The copyright infringement case with generative AI models has been taking a lot of turns. The latest being The New York Times‘ potential lawsuit against OpenAI for copyright infringement. The news outlet believes that OpenAI’s models are trained on NYT’s intellectual property data and copied the style of their writers to give ChatGPT the ability to articles in the same manner, whenever prompted.
This will likely be one of the first lawsuits against OpenAI to actually put the company in trouble. NYT recently published its terms of services focusing on prohibiting AI companies from scrapping articles for training AI models hinting at a possible lawsuit on OpenAI. If NYT successfully proves that its content is illegally used, OpenAI might have to delete its entire dataset used for training AI models and cough up a fine of up to $150,000 for each infringed content.
Meanwhile, OpenAI had made a licensing deal with Associated Press (AP), accessing its archive for building better AI models. It has also partnered with several news agencies recently. Now, AP has decided to join other news organisations to frame guiding principles of using AI in newsrooms. In the report, AP said that a lot of news organisations are concerned that their content is being used without permission.
The tricks up its sleeves
There is no doubt that OpenAI took help from Microsoft’s Bing to crawl the internet. According to Gilles Babinet, the company must have crawled up to 250,000 websites for building GPT, without asking anyone — true, to be taken with a pinch of salt.
Responding to this, Yann LeCun, Meta AI chief, gave an example of search engines. “Google, Bing, and others crawl the internet constantly. That’s not the problem,” he said and asked where the problem exactly lay. Arguably, there is a difference between crawling and reusing the content, but even then, the argument for it being a “copyright” case does not stand strong.
Sébastien Hubert explains how neural networks do not actually store any data, but just represent the understanding of the data. This arguably is a lot like how humans work. “GPT has read The Three Musketeers but is unable to quote any chapter verbatim upon request. An LLM is a sort of super-reader – it doesn’t copy anything,” explained Hubert.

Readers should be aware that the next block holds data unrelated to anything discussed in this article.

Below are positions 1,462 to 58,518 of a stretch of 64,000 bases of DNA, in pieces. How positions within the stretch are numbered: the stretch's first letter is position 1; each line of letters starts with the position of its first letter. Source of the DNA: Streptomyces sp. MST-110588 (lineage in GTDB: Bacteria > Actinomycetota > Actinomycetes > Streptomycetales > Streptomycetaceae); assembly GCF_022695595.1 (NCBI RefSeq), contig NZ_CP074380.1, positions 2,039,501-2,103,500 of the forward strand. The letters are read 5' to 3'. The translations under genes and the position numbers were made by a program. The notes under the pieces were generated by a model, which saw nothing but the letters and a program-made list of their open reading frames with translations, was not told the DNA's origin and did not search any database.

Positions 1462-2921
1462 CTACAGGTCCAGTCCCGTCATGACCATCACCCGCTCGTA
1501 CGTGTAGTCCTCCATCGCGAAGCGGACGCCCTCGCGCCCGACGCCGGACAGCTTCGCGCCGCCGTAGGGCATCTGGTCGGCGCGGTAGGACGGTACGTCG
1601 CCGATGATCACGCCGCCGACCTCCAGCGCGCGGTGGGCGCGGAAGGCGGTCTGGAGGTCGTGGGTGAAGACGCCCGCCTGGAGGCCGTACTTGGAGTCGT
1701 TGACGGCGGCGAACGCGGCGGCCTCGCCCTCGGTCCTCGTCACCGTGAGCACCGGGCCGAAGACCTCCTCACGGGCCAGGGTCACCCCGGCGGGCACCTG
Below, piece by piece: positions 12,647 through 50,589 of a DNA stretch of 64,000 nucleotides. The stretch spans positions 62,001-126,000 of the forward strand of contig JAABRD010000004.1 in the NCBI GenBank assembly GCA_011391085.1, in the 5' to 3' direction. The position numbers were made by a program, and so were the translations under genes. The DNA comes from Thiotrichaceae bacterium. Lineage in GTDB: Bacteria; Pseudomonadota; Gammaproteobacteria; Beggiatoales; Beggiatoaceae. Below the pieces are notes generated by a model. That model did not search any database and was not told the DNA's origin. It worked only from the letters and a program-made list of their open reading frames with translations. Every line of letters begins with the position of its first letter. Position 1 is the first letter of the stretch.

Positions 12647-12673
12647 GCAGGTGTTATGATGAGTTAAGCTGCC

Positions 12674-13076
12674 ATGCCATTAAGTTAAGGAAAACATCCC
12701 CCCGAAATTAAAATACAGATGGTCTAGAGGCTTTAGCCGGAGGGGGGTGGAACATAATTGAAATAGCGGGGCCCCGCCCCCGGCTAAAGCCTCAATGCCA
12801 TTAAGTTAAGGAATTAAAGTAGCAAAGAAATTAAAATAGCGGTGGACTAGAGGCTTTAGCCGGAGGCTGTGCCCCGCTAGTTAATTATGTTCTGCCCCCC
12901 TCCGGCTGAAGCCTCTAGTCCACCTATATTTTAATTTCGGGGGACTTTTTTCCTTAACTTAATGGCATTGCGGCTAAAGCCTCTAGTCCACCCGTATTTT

Interestingly, an important thing to note here is that NYT is only suing OpenAI, and not Google for making Bard. For NYT, the problem comes from the fact that Bing synthesises the content without creating traffic for the newspaper thereby hitting advertising revenue. Bing AI is an internet “wrapper”, which breaks the economic model of many sites. It seems, NYT woke up to the problems of ChatGPT only after realising that OpenAI is partnering with other publishers and not them.
It must be noted that NYT is going to receive $100 million from Google for the next three years in a deal where the tech giant will be able to publish content on its platforms. Google is testing its new AI writing tools in partnership with NYT, WSJ, and Washington Post. This might possibly be a hint towards a partnership to rival OpenAI and AP.
NYT has a problem with OpenAI, not generative AI
OpenAI’s GPTBot, which recently came to everyone’s notice, says that the company will automatically scrape the internet and websites for training its AI models. To opt out, companies have to voluntarily put a line of code on their website to block the crawler. There is no doubt that it must have crawled all news outlets to train its AI models.
In 2015, federal appeals court ruling for Google, found to be scanning millions of books for Google Books library, was that the library was not able to create a significant market substitute for the original books, and thus fell under the ‘fair use’ of using its models. For OpenAI, this would be difficult to prove. According to some experts, ChatGPT might be able to form an alternative to visiting NYT articles, dropping the traffic on the website. This means that OpenAI is not using the content from the website “fairly”.
Interestingly, ChatGPT is not connected to the internet. So even if NYT is able to prove that it was trained on its articles illegally, it is not doing that after the cut off time of 2021. GPT-4’s Browse with Bing feature was also discontinued some time back, possibly because of the same reasons. It seems like OpenAI was aware about the copyright issues beforehand and took an early step. It might now be hard to prove that it is actually a competition to NYT or people are merely using it to summarise things in their style — something that NYT only wants Google’s AI tools to do in the future.
Nevertheless, writers have been protesting against generative AI technology for replacing their jobs for a long time. Now that NYT is with them, they might finally be able to catch up, but the push is not against AI models, but just Google’s competitor, OpenAI.